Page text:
Mark Mathabane was weaned on devastating poverty and schooled in the cruel streets of South Africa's most desperate ghetto, where bloody gang wars and midnight police raids were his rites of passage. Like every other child born in the hopelessness of apartheid, he learned to measure his life in days, not years. Yet Mark Mathabane, armed only with the courage of his family and a hard-won education, raised himself up from the squalor and humiliation to win a scholarship to an American university.
This extraordinary memoir of life under apartheid is a triumph of the human spirit over hatred and unspeakable degradation. For Mark Mathabane did what no physically and psychologically battered "Kaffir" from the rat-infested alleys of Alexandra was supposed to do -- he escaped to tell about it.
A Darker Shade Of Pale tells the story of life as a person of mixed race in apartheid South Africa.
After the National Party gained power in South Africa in 1948, the all-white government took control by legislating their policies of racial segregation under a system called apartheid. Forced to live among the sand dunes and narrow streets of Council housing estates, through her mixed ancestry Beryl was classified as Coloured, not white enough or not black enough. This allowed the government to shape her life, where she was allowed to live, to attend school, to sit on the train, to work, and who she could marry.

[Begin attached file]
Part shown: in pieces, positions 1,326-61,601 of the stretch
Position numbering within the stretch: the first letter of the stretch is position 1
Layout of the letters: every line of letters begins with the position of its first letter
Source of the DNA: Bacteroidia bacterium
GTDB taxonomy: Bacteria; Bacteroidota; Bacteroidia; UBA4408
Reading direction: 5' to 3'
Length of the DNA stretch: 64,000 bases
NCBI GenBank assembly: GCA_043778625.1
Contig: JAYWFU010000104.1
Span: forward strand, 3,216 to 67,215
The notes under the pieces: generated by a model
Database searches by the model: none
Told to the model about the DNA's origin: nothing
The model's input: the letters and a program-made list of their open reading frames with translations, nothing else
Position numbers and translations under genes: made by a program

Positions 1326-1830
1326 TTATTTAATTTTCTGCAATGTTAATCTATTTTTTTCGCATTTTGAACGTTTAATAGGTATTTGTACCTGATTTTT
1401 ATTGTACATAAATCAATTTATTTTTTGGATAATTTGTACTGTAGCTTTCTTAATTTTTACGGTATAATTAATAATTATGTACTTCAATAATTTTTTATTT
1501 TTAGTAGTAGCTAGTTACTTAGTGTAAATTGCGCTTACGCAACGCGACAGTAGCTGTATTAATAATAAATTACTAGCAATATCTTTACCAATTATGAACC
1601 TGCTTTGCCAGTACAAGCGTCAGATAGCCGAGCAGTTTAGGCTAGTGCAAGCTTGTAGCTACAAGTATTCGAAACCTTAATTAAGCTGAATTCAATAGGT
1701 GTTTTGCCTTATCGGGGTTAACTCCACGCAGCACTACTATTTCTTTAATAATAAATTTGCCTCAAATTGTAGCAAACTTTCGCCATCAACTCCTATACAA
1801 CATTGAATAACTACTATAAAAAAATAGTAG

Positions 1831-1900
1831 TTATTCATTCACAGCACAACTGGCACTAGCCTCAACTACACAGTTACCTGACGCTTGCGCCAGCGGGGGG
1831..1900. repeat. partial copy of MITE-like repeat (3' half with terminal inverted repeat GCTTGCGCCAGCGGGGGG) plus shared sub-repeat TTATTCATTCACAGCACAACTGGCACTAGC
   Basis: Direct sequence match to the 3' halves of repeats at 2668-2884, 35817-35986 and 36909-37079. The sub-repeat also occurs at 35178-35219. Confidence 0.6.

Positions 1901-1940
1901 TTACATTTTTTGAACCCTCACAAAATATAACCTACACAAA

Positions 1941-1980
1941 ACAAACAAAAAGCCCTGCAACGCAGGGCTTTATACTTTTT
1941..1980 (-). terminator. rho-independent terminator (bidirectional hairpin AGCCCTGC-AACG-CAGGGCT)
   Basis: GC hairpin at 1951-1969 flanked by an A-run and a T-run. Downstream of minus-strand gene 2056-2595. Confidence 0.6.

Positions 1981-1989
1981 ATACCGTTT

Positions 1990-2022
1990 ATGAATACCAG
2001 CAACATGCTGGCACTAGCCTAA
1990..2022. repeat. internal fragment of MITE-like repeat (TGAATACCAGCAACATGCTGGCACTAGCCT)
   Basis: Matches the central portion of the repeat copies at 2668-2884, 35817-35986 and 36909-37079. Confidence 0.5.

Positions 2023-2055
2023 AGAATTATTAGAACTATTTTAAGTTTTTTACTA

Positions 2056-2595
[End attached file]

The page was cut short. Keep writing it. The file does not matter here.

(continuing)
Growing up in council housing estates on the Cape Flats in the 1960s and early 1970s it wasn’t until reaching high school that she discovered a richer life on the other side of the tracks for those classified as white. The stark reality of the inequality towards her skin colour made her question her ancestry and her parents’ acceptance of their classification. She was drawn to joining rallies to fight the government but at home any such discussions were strongly dismissed.
It is a remarkable story of the resilience of her parents, particularly her mother Sarah who recognised that the future for her children was through education. Sarah, faced with many challenges – the death of a young child, a husband suffering ill-health, five children to feed and to keep a roof over their head powered the way forward to increase their chances of a better life should apartheid crumble.
A Darker Shade Of Pale is a moving account of Beryl’s family and community life in segregated South Africa – the injustices, humiliation and challenges and finally finding acceptance when she moved to Australia in the 1980s.